Better Buses for Greater Manchester march from Stagecoach to hand in their 11,000 strong petition to Andy Burnham
Save The Date: Friday January 3rd, 12:30pm
· March begins at Stagecoach, Hyde Road Depot
· Petition Hand-In at 1:45pm at GMCA, Churchgate House, 56 Oxford St, Manchester M1 6EU
Campaigners for Better Buses will lead a march from ‘stingy Stagecoach’ to Andy Burnham’s office on Friday 3rd January. A handmade bus will lead the group to hand in their petition, with a greedy bus shareholder fatcat joining them at the back. The group are calling for buses to be improved and brought back into public control. The march and petition hand-in is planned for the last week of the consultation on the future of Greater Manchester’s buses, which is the last stage before Mayor Andy Burnham makes his decision.
The march is also taking place the day after at least one large operator is increasing its fares regionally. First is increasing the price of its Single Adult Fare by 46%. Stagecoach is increasing the cost of its day riders, seven-day, 28-day and Xtra tickets. (1)
Greater Manchester Combined Authority’s proposed franchising scheme, out to consultation now, outlines that franchising, otherwise known as public control, would deliver ‘economic benefits valued at £345m compared to benefits of £113m for the Operator Proposed Partnership’. It would also create 57 new jobs. (2)
Currently, local authorities have no control over the fares and routes of around 80% of bus services in Greater Manchester. This is despite the fact that some 40% of bus companies’ revenue is public money. (3) The franchising proposal document outlines that franchising ‘would also enable higher environmental standards for buses to be introduced as quickly as possible.’ (4)
Polling done by the Local Government Association showed that 69% of residents ‘think local councils should be the main decision-makers on bus services’, bolstering campaigners’ calls for publicly controlled bus services. (5)
In the bus operators’ partnership proposals, bus companies say they will not run bus services if they ‘are commercially not viable’, meaning unprofitable for them. Research by bus company Abellio just in the last few weeks showed that 95% of people in GM supported the idea of subsidising bus routes which are unprofitable but necessary for the public good: ‘a key feature of a franchised bus network’. (6)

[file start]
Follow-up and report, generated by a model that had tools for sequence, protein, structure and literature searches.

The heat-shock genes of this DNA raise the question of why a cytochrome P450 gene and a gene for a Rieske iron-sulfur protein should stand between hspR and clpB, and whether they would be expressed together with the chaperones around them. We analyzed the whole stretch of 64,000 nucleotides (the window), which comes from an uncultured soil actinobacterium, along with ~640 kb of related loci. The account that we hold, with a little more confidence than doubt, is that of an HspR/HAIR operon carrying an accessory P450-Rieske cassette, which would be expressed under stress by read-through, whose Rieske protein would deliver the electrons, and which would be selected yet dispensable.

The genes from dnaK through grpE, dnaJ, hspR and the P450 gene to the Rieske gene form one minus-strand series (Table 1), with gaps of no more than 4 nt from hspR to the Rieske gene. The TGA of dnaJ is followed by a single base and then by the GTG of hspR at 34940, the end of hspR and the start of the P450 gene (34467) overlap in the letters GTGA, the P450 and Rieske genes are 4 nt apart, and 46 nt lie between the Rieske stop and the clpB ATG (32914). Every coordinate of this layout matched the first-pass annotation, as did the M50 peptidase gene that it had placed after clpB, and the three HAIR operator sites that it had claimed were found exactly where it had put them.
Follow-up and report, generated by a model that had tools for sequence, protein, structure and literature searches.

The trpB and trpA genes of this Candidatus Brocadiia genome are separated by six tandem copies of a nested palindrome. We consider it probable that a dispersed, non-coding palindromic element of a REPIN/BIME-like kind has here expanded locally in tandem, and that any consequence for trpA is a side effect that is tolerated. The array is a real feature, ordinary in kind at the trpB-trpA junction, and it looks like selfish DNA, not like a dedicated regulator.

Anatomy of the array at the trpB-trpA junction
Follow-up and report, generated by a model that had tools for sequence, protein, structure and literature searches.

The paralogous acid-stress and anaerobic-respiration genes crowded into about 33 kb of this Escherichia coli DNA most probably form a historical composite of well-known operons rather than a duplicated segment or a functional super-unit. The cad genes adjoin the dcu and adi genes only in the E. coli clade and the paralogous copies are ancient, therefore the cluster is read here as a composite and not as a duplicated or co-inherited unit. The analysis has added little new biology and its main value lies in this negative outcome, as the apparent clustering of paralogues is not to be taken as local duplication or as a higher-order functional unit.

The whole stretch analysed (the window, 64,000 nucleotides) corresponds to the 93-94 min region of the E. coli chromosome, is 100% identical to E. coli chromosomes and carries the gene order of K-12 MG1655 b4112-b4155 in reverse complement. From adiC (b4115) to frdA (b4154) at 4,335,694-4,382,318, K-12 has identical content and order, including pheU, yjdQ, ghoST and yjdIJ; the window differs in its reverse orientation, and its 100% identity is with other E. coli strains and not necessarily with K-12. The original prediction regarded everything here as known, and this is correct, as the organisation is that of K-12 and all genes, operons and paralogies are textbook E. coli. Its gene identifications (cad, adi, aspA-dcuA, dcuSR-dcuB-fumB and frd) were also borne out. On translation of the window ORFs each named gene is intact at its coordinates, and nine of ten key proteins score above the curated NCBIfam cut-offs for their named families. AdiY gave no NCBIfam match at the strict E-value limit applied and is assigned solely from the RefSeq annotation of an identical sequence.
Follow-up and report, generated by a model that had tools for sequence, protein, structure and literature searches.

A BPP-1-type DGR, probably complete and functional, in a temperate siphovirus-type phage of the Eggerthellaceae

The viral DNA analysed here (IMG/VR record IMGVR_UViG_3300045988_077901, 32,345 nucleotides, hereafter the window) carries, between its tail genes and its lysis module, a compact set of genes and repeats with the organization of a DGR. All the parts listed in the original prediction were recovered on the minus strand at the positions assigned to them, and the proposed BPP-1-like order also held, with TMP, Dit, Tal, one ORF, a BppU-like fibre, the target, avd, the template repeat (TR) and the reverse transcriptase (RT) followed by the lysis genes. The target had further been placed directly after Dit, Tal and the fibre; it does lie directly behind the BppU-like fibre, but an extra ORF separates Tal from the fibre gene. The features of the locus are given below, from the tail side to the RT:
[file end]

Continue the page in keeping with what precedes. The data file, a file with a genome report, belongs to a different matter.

The ‘Doing Buses Differently’ consultation which opened on Monday 14th October is huge progress on bus reform as it is the final stage before Andy Burnham makes his decision on whether to bring buses into public control.
As the consultation comes to a close, Pascale Robinson from Better Buses for Greater Manchester highlighted:
“We are marching to Andy Burnham’s office to remind him who he is making this decision for. We as citizens of Greater Manchester and passengers, the 11,000 of us who have signed the petition, want our buses to be brought back into public control because we’re sick and tired of unreliable and expensive buses that don’t run after 6pm. We deserve what London has: good, affordable buses we can control.
“We hope Andy makes the right call. If he does, we’ll finally have a local public transport system that works for people, not profit.”
If Burnham makes a final decision to go for public control at the end of the process, this will be the first time any local authority has done so since Margaret Thatcher deregulated all buses outside of London in the 1980s. London’s buses were never deregulated and London bus use has doubled since the time of deregulation. By contrast, in Greater Manchester, bus use has declined by 40%. (7)
Notes for editors:
1) See the price of Adult singles
How much your train, tram and bus fares are rising by in the New Year (Manchester Evening News)
2) See Greater Manchester Bus franchising Consultation Document Page 24+ page. 26
page. 24 and page.13, https://issuu.com/greatermcr/docs/greater_manchester_bus_franchising_consultation_do